How to open a cosmetics boutique

Updated March 23, 2017

The cosmetics industry is a multibillion dollar a year trade. With many great lines like Make-Up Forever and M.A.C. getting their starts as small boutique lines, the sky is the limit for creative cosmetics sellers. Opening a make-up boutique can be a rewarding and creative experience, although it takes a lot of work. Here is an outline of steps to take when opening a make-up boutique.

Create a business plan for your cosmetics store. A proper business plan includes financial projections, start-up cost estimates, mission statement and demographic information. You'll also have to think about the competition, as well as any licensing fees. The document should be complete enough to use for business loans, if needed.

Obtain licenses, business permits, tax I.D. and trademarks, as needed. If you'll be employing others, also get an employer ID. These are necessary to obtain wholesale discounts, bank accounts and mark protection.

Incorporate the business to protect your personal assets. For a small business, an LLC (limited liability company) may be the way to go. If you're not ready to incorporate, then register as a sole proprietorship, although this won't afford you the same asset protection as LLC registration.

Secure financing for your storefront. This could be through a bank, private investor or family member. If using private investors, it's imperative to have a lawyer draw up a clear contract stating all financial liability, duties and interest involved.

Purchase property for the storefront. Usually, make-up boutiques do well in more affluent areas, since boutique cosmetics are aimed towards a higher-paying clientele. A make-up store benefits from lots of natural light, so corner spaces are great, even though they cost more.

Design the inside of the store to suit your demographic. Are the cosmetic you're selling aimed toward younger people, or are they for the more mature consumer? Think about all of these things when picking out decor. If in doubt, go sparse and elegant with smaller artistic touches to add personality. Keep in mind that cosmetic shops should be very clean, so stay away from materials that are hard to disinfect and maintain.

Decide how you'll stock the shop. Will your make-up brand be private label, or will you carry famous brands? Will you be aiming to attract professional artists? All of these factors dictate the quality and price point of the products you'll be selling, as well as quantity and range.

Order product. For help with this, do some spying in big-name department stores to see what they have a lot of, and what's on clearance. Ask shoppers what they're looking for. Make your biggest purchases among staples such as foundations and mascara, and add some seasonal trends to spice things up. Both classes of product will bring in repeat buyers.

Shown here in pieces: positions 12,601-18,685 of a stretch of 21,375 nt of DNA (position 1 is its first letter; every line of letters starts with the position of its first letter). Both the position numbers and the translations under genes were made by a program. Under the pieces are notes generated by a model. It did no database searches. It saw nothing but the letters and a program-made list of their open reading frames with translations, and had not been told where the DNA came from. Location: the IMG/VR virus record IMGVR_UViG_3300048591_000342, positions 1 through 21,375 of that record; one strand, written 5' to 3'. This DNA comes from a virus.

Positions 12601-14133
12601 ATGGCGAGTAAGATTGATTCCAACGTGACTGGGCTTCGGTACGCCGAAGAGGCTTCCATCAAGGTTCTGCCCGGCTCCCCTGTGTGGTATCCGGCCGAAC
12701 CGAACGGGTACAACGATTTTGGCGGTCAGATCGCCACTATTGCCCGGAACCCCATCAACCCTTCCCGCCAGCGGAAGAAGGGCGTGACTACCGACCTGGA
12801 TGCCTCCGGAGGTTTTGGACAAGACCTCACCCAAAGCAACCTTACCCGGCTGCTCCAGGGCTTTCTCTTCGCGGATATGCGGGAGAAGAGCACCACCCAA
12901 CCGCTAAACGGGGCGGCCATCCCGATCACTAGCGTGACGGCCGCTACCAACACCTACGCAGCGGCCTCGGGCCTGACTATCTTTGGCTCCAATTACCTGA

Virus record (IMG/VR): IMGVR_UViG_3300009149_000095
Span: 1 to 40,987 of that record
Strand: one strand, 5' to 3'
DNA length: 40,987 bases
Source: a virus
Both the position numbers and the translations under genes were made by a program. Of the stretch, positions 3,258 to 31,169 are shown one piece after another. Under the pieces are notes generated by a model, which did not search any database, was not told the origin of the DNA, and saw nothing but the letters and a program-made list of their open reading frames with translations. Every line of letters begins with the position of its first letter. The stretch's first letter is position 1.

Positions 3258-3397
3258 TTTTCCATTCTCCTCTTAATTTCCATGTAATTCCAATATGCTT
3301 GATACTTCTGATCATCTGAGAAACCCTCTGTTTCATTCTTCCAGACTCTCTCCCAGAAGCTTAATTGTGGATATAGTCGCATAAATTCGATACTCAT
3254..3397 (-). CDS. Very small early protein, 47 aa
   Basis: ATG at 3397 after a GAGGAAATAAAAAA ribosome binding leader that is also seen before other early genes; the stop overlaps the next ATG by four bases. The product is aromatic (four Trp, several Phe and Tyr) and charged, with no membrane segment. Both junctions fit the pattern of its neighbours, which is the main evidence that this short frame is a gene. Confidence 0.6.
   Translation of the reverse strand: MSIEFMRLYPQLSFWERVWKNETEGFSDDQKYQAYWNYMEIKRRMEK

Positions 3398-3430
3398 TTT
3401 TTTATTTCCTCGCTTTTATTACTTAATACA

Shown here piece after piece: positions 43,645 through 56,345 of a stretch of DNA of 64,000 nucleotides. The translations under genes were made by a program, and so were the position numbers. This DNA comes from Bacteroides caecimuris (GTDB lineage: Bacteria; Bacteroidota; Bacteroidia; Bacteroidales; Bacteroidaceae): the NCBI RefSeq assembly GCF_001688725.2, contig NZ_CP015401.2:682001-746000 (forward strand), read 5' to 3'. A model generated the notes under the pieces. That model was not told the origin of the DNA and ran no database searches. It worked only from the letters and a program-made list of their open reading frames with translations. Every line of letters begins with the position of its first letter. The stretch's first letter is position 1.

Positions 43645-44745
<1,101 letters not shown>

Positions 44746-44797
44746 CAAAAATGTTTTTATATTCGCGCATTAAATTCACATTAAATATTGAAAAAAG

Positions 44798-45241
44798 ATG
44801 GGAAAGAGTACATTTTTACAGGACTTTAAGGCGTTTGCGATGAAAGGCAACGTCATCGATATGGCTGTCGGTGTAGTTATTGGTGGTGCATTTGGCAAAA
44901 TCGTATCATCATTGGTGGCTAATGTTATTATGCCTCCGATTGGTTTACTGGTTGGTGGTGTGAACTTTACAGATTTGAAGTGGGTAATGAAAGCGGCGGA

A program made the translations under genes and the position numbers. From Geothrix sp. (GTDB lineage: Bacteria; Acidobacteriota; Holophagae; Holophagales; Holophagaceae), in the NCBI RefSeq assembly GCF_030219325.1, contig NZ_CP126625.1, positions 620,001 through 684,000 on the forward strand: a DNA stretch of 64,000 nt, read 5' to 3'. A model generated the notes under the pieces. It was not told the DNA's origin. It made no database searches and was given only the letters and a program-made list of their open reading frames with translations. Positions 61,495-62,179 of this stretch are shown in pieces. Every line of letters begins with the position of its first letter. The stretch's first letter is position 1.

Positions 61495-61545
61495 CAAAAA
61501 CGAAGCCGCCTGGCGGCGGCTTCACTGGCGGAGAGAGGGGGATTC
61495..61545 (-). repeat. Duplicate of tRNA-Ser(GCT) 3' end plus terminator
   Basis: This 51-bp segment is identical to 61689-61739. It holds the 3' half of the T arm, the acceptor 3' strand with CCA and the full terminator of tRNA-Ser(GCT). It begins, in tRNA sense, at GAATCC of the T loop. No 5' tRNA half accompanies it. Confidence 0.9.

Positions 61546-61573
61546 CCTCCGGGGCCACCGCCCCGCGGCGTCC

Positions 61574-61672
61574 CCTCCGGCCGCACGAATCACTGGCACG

Buy display equipment to show your cosmetics in the best light possible. This means buying nice chairs, well-made cases, good lighting and mirrors. Don't only think of the customers, but also the employees, who will have to use these tools to show the product off in the best light possible.

Hire employees. The best places to go are beauty culture schools and theatre programs to obtain recent graduates. Also try trade shows and job fairs to find good workers. Artists with make-up artist certification are best, but a well-developed resume is great, too. Don't forget to hire support staff to take care of paperwork and bookkeeping, if you'd like. When hiring, use a contract and make expectations very clear. It helps to offer product discounts, as well.

After training and stocking, it's time to open. To keep the customers that you bring in, remember that great customer service is key. Have your employees keep a customer contact list that they can call for sales and check-ups. This is a great way to make customers feel special and well cared for. Also, call people to see if they need help with the new products. Good customer care is a prime motivator for shoppers to return.


Be careful when buying that you don't over-purchase. Make-up has an expiration date and will grow stale if left for too long. Be conservative when making that first order so that you save money and reduce waste.

Things You'll Need

  • State-issued identification (for licensing)
  • A lawyer (for contracts)
  • Start-up capital
Cite this Article A tool to create a citation to reference this article Cite this Article

About the Author

Gigi Starr is a freelance fashion writer. She previously served as the blog editor for a major online fashion blog and has more than a decade of backstage experience in the beauty and high fashion industries. She has worked for businesses like an internationally renowned theatrical touring company and events such as the Mercedes-Benz N.Y.C. Fashion Week.